Even if we survived the initial bombing, most of humanity would starve to death in the aftermath Artist’s rendition of nuclear winter © Getty Images / Bulgac
In the aftermath of a nuclear war between the US and Russia, over 5 billion people could starve to death as the ash and soot from burning cities entered the atmosphere and blocked out sunlight, according to a study published on Monday in the journal Nature Food.
While much of the current speculation about nuclear war focuses on the horrors of the bombing itself, this study, conducted by researchers at Rutgers University in the US, suggests that the real suffering would come in the years after the conflict, when the breakdown of supply chains and devastation of local infrastructure would be compounded by the effect of a nuclear winter on food crops.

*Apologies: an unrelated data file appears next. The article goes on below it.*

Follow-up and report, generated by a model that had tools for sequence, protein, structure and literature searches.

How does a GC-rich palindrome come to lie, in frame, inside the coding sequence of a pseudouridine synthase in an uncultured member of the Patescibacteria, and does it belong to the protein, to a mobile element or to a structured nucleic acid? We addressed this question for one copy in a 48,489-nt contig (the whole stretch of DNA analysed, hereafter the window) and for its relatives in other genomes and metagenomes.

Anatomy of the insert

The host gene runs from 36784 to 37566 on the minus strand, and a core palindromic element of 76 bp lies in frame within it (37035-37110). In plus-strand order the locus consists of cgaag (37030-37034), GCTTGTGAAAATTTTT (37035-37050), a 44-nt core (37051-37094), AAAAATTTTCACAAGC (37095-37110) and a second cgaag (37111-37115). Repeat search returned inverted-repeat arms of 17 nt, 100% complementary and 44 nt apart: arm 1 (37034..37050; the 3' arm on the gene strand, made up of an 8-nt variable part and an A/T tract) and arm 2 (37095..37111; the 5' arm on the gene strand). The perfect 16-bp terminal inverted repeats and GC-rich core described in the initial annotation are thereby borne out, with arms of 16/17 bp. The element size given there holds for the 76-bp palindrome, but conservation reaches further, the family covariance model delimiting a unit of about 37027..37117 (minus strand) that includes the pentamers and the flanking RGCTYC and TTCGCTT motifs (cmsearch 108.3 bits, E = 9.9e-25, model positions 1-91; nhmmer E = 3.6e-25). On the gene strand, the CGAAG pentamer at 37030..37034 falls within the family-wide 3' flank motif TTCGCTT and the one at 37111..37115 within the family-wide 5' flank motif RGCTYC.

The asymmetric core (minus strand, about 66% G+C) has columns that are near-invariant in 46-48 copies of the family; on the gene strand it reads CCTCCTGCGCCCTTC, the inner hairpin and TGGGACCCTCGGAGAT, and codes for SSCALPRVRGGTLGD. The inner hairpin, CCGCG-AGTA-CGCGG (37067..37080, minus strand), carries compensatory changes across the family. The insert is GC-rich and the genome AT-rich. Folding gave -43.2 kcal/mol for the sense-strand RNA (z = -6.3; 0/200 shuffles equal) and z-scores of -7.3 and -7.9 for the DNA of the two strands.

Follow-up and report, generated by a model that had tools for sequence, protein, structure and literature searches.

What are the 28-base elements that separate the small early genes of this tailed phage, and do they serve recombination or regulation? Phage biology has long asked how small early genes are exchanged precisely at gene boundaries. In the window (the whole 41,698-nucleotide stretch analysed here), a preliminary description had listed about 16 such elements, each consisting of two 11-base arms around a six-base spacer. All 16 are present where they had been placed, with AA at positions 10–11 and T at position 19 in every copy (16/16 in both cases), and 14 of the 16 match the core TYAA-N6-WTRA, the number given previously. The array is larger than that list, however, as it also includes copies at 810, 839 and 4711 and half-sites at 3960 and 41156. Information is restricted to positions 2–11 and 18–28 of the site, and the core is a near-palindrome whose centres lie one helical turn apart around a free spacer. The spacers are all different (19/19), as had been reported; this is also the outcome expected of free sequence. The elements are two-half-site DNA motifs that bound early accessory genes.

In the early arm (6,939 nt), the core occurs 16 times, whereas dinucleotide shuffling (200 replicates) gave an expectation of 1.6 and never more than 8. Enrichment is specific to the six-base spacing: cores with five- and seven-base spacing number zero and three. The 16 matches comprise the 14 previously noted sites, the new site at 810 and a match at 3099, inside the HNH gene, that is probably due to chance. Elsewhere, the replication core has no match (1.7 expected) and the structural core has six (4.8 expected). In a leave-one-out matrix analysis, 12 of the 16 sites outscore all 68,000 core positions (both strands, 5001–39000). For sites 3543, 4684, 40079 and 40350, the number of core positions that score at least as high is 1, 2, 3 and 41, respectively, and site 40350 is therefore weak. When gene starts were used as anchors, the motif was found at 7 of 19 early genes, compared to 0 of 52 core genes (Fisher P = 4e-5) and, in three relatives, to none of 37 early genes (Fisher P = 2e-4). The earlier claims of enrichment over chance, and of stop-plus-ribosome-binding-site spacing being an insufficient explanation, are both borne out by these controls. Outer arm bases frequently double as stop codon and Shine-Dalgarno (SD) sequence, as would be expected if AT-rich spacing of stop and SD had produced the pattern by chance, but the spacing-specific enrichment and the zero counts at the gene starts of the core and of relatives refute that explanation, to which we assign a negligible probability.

The cooling effect that would be created when the ash from a nuclear exchange entered the atmosphere would peak within a year or two, but the reduction in temperature would last for over a decade and would also involve reduced precipitation, according to the models used by the researchers. Fluctuations in major food sources, including maize, rice, spring wheat, and soybeans, as well as livestock pasture and fisheries, were all factored into the model. (RT)
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